Friday 1st July 2016
Bristol trip-hop comes to London with a biting political vindictiveness
Photos: Michael Jamison
Massive Attack captured the Bristol Sound. Claustrophobic, tenebrous vibrations seem to seep out from the crepuscule of the old Bristol club scene whenever you listen to their early records, but one could only be tentative about how this sound would translate to the open landscape of Hyde Park. Having seen Blur completely in their element last year on the same stage, I was unsure before the show whether Massive Attack’s persistently underground trip-hop could match the triumph of their Britpop predecessors.
In fact, over the past decade Massive Attack’s concerns have stretched to broader and broader horizons; often collaborating with Blur’s Damon Albarn, Del Naja and Marshall have been involved in numerous political projects and protests across the world, from Bristol and London to, more recently, a refugee camp in Lebanon.
And at Hyde Park they show no intentions of backing down, the music being accompanied by the striking didactic visuals that have recently become a consistent element in their performances. A paroxysm of lights appears before the audience, an epileptic tapestry of words darting across the huge screen. From “sovereignty” to “bigot”, “Labour Party” to “United Kingdom Independence Party” to “slumber party” and “after party” and “Navel-Gazing Apathy party”, the political discourse of the past weeks becomes a senseless slurry of words to echo the disillusioning effect of the relentless Leave and Remain campaigns, a glossolalia accompanying the almost overpowering bass and threatening crescendos of the music.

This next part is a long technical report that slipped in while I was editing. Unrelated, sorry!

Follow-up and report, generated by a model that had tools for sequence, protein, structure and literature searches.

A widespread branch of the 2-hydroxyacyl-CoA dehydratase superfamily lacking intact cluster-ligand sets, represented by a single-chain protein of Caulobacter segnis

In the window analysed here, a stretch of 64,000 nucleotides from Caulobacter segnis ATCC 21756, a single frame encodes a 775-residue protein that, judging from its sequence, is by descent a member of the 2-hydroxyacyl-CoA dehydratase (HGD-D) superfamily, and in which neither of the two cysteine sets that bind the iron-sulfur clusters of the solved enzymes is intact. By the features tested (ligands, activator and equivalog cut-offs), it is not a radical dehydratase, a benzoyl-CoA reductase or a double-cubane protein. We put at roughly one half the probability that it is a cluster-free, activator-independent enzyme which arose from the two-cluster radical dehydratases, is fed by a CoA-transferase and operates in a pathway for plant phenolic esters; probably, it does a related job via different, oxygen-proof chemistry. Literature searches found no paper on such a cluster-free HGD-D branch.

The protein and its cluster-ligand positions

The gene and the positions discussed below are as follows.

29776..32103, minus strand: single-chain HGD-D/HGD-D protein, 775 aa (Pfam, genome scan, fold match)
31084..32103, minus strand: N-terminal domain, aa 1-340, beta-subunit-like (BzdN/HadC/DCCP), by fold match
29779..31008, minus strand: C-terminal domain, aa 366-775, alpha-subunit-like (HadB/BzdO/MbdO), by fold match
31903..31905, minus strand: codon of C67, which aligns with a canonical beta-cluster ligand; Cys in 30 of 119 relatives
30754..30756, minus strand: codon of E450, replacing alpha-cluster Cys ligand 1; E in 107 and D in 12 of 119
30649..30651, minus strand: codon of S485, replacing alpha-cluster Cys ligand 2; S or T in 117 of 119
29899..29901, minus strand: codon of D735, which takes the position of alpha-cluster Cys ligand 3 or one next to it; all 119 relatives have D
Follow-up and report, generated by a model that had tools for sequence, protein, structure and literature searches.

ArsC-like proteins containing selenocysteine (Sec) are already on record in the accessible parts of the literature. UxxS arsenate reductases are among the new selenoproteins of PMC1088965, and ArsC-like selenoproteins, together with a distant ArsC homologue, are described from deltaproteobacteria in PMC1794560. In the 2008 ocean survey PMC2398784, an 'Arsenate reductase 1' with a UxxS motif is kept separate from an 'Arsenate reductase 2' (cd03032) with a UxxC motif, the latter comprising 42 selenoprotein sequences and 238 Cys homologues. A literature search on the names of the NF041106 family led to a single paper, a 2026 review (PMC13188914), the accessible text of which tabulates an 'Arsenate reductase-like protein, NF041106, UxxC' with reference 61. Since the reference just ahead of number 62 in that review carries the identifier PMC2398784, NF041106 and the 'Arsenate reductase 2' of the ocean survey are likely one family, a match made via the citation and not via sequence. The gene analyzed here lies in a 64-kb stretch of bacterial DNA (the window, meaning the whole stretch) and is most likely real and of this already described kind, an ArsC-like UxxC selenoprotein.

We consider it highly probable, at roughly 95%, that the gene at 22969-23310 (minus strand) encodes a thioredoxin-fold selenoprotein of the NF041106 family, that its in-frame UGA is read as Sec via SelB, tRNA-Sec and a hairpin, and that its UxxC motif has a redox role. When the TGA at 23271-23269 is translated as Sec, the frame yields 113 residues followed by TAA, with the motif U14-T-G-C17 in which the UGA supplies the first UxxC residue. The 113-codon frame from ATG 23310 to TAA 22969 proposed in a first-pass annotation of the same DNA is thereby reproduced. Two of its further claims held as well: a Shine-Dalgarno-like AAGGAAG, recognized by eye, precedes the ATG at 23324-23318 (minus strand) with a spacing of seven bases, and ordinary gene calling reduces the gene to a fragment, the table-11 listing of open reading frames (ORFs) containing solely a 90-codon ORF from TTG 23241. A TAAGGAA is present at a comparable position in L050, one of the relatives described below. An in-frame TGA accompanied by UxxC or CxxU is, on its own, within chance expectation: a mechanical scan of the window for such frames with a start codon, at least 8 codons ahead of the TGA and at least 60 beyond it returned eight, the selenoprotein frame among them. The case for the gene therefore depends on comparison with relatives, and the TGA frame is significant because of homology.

A momentous nod is made to their past as they are joined by long time collaborator Tricky, and even Horace Andy, his leg in a full cast, is wheeled out to centre stage to sing “Angel”. But the old, familiar songs are struck with a relevant, urgent presence. Safe From Harm is affected by an ironic, melancholy tone as the names of countries and cities destroyed by terrorism appear across the screen. Before they play rarely performed track “Eurochild”, Del Naja reflects on how he did not realise he would be singing it 22 years after it was released as a “requiem” for Britain’s membership in the EU.
With two pounding drum kits and a masterful control of electronic sound, the musical virtuosity of the two frontmen and their various collaborators strikes the audience in a way that could not be captured in the studio. The closing “Unfinished Sympathy”, performed with a full string orchestra, is particularly miraculous. Nonetheless, what was most striking about the performance was how effectively Massive Attack took the dark, reverberating rhythms of their music out of the nightclubs, and into the open battleground of contemporary British politics to reflect the collective feeling of the nation with terrifying acuteness
Massive Attack played:
Ritual Spirit (with Azekel)
Pray for Rain (with Babatunde Adebimpe)
Angel (with Horace Andy)
Voodoo in My Blood (with Young Fathers)
White Men Are Black Too (Young Fathers cover) (with Young Fathers)
Sing (Young Fathers cover) (with Young Fathers)
He Needs Me (with Young Fathers)
Take It There (with Tricky)
Safe From Harm (with Deborah Miller)
Unfinished Sympathy (with Deborah Miller)
Thankyou for reading, you can see my review published on Gigwise via the link above.